Topics: Multi Echelon Inventory Optimization, Supply Chain, Supply Chain Planning, Supply Chain Performance Management, MEIO, Inventory Management Software, Inventory Management, Sales & Operations Planning, S&OP

Retune your supply chain planning from JIT to Available-on-Demand

Posted by Cyrus Hadavi on Thu, Nov 12, 2009
demand planningHere is a question for you, is JIT a push-system or a pull-system? For decades you have been lead to believe that it is a "pull" system, but in fact you are "pushing" to make parts available, thinking that the resource will need it or use it. Just because the resource used the previous supply does not mean that it will use the next. In other words, the past is not necessarily an indication of the future. You may have already known that, and may argue that just filling buffer-zones is the best way to minimize inventory, especially if the buffers are not owned by your company.  However, you are just passing the responsibility of holding the supply to some other point in the supply chain, along with the associated cost-of-capital that goes with it. Naturally, the buffers need to be able to handle the largest tolerable demand surge.  So, if the past demand is more than the future, then inventory will sit there until it is needed or written-off. 

With that in mind, I think it's logical to say that a JIT system that looks at historical demand is really a push-system, but we want to do better than that.  We want to be able to look to the future in order to have a real pull-system.  At the end of the day, JIT is a cost-reduction system to keep up utilization and reduce inventory levels in a supply chain that has fairly steady demand.  What happens if the demand changes all of a sudden? What if red-widgets are more popular than green ones, today? How fast can you propagate the changes by resetting all of the buffers?  Undoing the buffers is like pushing the proverbial tooth paste back into the tube!  It will stay out until you finally use it, or wash it down the sink.  Of course as long as the supply chain is simple, with a linear flow, flat demand, and just a few constraints, fixed buffer-based inventory planning will still work well.  But it will also come down crashing if you have tens of different products sharing resources, constant changes in demand patterns, or supply lead-times.  These factors, and many others, change the production "rhythm" to the market.  Should the supply rhythm on a certain product be bang-bang-bang-bang, or would it be bang-----bang-----bang---.bang?  Which rhythm would generate the most revenue and profit while satisfying your customers?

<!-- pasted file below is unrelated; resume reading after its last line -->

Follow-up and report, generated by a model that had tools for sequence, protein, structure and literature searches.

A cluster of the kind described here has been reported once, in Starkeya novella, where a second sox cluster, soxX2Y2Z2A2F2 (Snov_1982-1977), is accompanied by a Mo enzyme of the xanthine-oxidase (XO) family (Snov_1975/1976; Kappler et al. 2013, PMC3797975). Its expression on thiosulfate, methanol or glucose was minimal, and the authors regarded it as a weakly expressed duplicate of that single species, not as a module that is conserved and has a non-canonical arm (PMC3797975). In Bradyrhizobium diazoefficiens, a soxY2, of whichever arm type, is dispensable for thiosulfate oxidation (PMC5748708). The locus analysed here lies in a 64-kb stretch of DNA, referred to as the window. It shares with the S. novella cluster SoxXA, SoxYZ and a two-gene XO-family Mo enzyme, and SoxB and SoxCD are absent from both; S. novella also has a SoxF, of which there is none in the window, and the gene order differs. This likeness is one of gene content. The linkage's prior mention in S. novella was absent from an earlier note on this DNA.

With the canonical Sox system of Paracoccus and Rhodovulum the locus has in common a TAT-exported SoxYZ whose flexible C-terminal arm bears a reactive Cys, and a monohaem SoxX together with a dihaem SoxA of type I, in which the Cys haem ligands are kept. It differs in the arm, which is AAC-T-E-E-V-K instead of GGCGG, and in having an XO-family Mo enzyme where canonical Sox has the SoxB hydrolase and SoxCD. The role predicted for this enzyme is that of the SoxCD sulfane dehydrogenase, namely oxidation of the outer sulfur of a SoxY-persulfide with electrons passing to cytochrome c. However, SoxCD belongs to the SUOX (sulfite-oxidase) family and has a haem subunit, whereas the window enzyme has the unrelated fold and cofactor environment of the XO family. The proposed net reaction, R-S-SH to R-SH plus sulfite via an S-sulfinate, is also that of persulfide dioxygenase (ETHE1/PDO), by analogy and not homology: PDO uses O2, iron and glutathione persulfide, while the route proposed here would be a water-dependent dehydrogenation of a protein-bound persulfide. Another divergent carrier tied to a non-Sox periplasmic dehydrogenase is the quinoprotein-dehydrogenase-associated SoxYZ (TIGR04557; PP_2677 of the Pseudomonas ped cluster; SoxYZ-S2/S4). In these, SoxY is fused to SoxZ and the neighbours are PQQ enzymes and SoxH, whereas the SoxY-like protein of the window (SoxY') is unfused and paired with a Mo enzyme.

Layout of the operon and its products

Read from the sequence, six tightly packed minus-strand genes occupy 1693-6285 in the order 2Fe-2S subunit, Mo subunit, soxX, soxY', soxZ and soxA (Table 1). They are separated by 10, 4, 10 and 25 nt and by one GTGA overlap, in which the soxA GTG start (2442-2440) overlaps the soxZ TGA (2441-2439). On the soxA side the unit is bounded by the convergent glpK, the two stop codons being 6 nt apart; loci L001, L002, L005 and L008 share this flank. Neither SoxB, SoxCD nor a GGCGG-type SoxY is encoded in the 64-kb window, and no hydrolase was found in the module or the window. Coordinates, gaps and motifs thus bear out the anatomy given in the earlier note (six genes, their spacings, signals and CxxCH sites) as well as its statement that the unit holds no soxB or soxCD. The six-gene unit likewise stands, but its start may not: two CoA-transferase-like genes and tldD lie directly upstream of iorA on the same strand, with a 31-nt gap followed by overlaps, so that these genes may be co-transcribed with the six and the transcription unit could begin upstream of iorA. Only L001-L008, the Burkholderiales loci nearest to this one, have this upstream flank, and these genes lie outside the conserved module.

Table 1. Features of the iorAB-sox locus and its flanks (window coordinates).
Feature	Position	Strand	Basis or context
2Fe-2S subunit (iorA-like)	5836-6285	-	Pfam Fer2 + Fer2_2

In the final analysis, JIT is a system of Available-on-Supply and it pushes based on a fixed rhythm associated to the speed of a machine or inventory availability. In that case, you better prey the historical demand does not change.  Why would you want to be held hostage by your supply?!  So what should we do if we want a system that is Available-on-Demand, that is more responsive to changes in the market place.  A system like this would change the "beat" and buffer-allocations based on the actual demand, and would be more attuned to the market-whether it be bang-bang--bang, or bang-bang...bang-bang-bang---bangbangbangbangbangbang--------bang.   For each product you would have a different "bang" profile.  The combination of all the profiles sets the rhythm for your entire supply chain.  Hence, when you put it all together, the result is a beautiful orchestration of drum-beats harmonized to the tune of the market demand.